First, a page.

Preliminary Identification of African-Style Rouletted Colonoware in the Colonial South Carolina Lowcountry

  title={Preliminary Identification of African-Style Rouletted Colonoware in the Colonial South Carolina Lowcountry},
  author={Corey A. H. Sattes and Jon Bernard Marcoux and Sarah Platt and Martha A. Zierden and Ron Anthony},
  journal={Journal of African Diaspora Archaeology and Heritage},
  pages={1 - 36}
ABSTRACT Colonoware, a low-fired earthenware made by enslaved Africans, African Americans, and Native Americans, is a crucial source for exploring the formation and materialization of colonial identities. Yet, the origins and ethnic associations of this enigmatic colonial potting tradition have long been debated. Recent ethnographic studies of African ceramic traditions have led to our reexamination of a surface treatment lately identified on colonoware vessels in South Carolina. Our analysis… 
Geochemical analysis of colonoware and brick artifacts from Brook Green Plantation using portable X-ray fluorescence spectrometry
This study used data collected using a portable X-ray fluorescence spectrometer to examine ceramic artifacts found during the excavation of historic Brook Green Plantation, in Georgetown County,
Introduction: Current Directions in Community Archaeology of the African Diaspora
The papers in this issue address a single question—how are archaeologists currently involved with community archaeology projects related to the African Diaspora?—and reflects the wide array of approaches currently being implemented across the discipline.


Low-Fired Earthenwares in the African Diaspora: Problems and Prospects
Local earthenware associated with enslaved African populations in the Americas, variously called “Colono-Ware,” “Afro-Caribbean Ware.” “Yabbas,” and “Criollo ware,” has received considerable
Gullah-Geechee settlement patterns from slavery to freedom: Investigation of a Georgia plantation slave quarter
Gullah-Geechee is a creole culture that emerged among enslaved African Americans in the coastal Southeastern United States. Modern material expressions of this culture include a distinctive
Kingston, Jamaica, and Charleston, South Carolina
Customarily, studies of urbanization in early British America have concentrated on its northern mainland seaports. This article moves beyond a thirteen colonies perspective to define and explore a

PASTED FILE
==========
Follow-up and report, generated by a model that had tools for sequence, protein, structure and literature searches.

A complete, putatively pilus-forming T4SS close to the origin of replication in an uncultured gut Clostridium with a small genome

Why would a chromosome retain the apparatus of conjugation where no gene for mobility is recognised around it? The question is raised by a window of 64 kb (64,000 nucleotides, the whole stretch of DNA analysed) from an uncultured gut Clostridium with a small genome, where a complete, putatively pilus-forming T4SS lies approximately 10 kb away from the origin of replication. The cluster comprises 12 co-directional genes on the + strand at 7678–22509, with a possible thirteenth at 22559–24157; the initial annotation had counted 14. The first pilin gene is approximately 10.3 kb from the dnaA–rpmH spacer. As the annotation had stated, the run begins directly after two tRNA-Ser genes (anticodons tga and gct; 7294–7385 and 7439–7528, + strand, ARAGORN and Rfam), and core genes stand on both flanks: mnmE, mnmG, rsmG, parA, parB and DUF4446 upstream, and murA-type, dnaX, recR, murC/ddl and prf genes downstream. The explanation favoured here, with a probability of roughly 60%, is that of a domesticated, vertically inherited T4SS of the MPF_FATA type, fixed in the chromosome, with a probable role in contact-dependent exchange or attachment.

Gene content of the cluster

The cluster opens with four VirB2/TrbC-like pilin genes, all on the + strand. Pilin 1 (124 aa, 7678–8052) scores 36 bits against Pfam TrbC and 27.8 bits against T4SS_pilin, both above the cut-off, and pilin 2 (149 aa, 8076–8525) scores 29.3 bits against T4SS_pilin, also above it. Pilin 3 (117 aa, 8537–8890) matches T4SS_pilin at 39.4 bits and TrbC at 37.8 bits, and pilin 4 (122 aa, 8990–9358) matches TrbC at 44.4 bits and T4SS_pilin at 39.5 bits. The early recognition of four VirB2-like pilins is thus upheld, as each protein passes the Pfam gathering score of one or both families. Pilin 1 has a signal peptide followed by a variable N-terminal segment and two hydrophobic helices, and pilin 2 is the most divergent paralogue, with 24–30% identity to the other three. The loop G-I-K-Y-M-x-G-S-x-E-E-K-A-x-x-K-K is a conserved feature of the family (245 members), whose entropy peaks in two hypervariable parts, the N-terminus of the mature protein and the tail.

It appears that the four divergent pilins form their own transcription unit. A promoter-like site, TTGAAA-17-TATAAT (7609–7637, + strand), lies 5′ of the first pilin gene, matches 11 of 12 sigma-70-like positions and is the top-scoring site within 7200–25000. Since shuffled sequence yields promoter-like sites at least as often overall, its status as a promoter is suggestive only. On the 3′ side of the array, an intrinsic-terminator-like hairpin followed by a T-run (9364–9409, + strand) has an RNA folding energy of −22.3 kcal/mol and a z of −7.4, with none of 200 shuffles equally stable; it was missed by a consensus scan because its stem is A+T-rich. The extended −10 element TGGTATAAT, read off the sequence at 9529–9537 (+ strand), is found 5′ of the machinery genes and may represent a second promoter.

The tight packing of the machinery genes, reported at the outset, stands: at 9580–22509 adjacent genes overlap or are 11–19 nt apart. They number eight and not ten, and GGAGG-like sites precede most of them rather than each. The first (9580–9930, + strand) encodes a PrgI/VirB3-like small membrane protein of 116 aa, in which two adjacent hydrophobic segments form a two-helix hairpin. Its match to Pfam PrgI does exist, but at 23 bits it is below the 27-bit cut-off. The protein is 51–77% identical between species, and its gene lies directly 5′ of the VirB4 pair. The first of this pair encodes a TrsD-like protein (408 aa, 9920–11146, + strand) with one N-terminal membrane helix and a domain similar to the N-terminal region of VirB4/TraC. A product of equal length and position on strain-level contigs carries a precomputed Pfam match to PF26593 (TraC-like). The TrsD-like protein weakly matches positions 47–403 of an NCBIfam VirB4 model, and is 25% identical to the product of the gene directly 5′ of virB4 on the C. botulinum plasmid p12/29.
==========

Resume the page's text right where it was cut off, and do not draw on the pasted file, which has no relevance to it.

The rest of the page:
Histoire du décor à la roulette en Afrique subsaharienne
Used both now and in the past over a large part of the African continent, roulette decoration has often been used by archaeologists as a social or chronological marker. Despite being so widespread,
Baskets of rice: creolization and material culture from West Africa to South Carolina’s Lowcountry
  • Matti Turner
  • History
    African and Black Diaspora: An International Journal
  • 2019
ABSTRACT Beginning in the 1670s, enslaved Africans’ knowledge, technologies, and labour made the rice plantations of the South Carolina ‘Lowcountry’ incredibly rich. As a result, the transplanted
Imperial Expansion, Ethnic Change, and Ceramic Traditions in The Southern Chad Basin: A Terminal Nineteenth-Century Pottery Assemblage from Dikwa, Borno State, Nigeria
In the course of an archaeological project in the southern Chad Basin of Nigeria, excavations were conducted at several deeply stratified mound sites that date from the Late Neolithic to the Late
Colonowhen, Colonowho, Colonowhere, Colonowhy: Exploring the Meaning behind the Use of Colonoware Ceramics in Nineteenth-Century Manassas, Virginia
This paper explores the meaning and use of colonoware ceramics recovered from six archaeological sites dating from the nineteenth-century at Manassas, Virginia. Americans, both free and enslaved,
The Middle Passage and the Material Culture of Captive Africans
Scholars of the Atlantic slave trade have not systematically addressed the question of what material objects or personal belongings captive Africans took aboard the slave ships and what goods they
Ceramic Traditions and Ethnicity in the Niger Bend, West Africa
Abstract While anthropologists and historians have clearly underlined the dynamics of human groups, ethnoarchaeologists have emphasized the stability of modes of transmission of technical knowledge
Recognizing Individual Potters in Nineteenth-Century Colonoware
The individual craftsperson is often lost in the broad patterns of normative analysis. Recent South Carolina research has attempted to refocus on the individual and how that individual interacts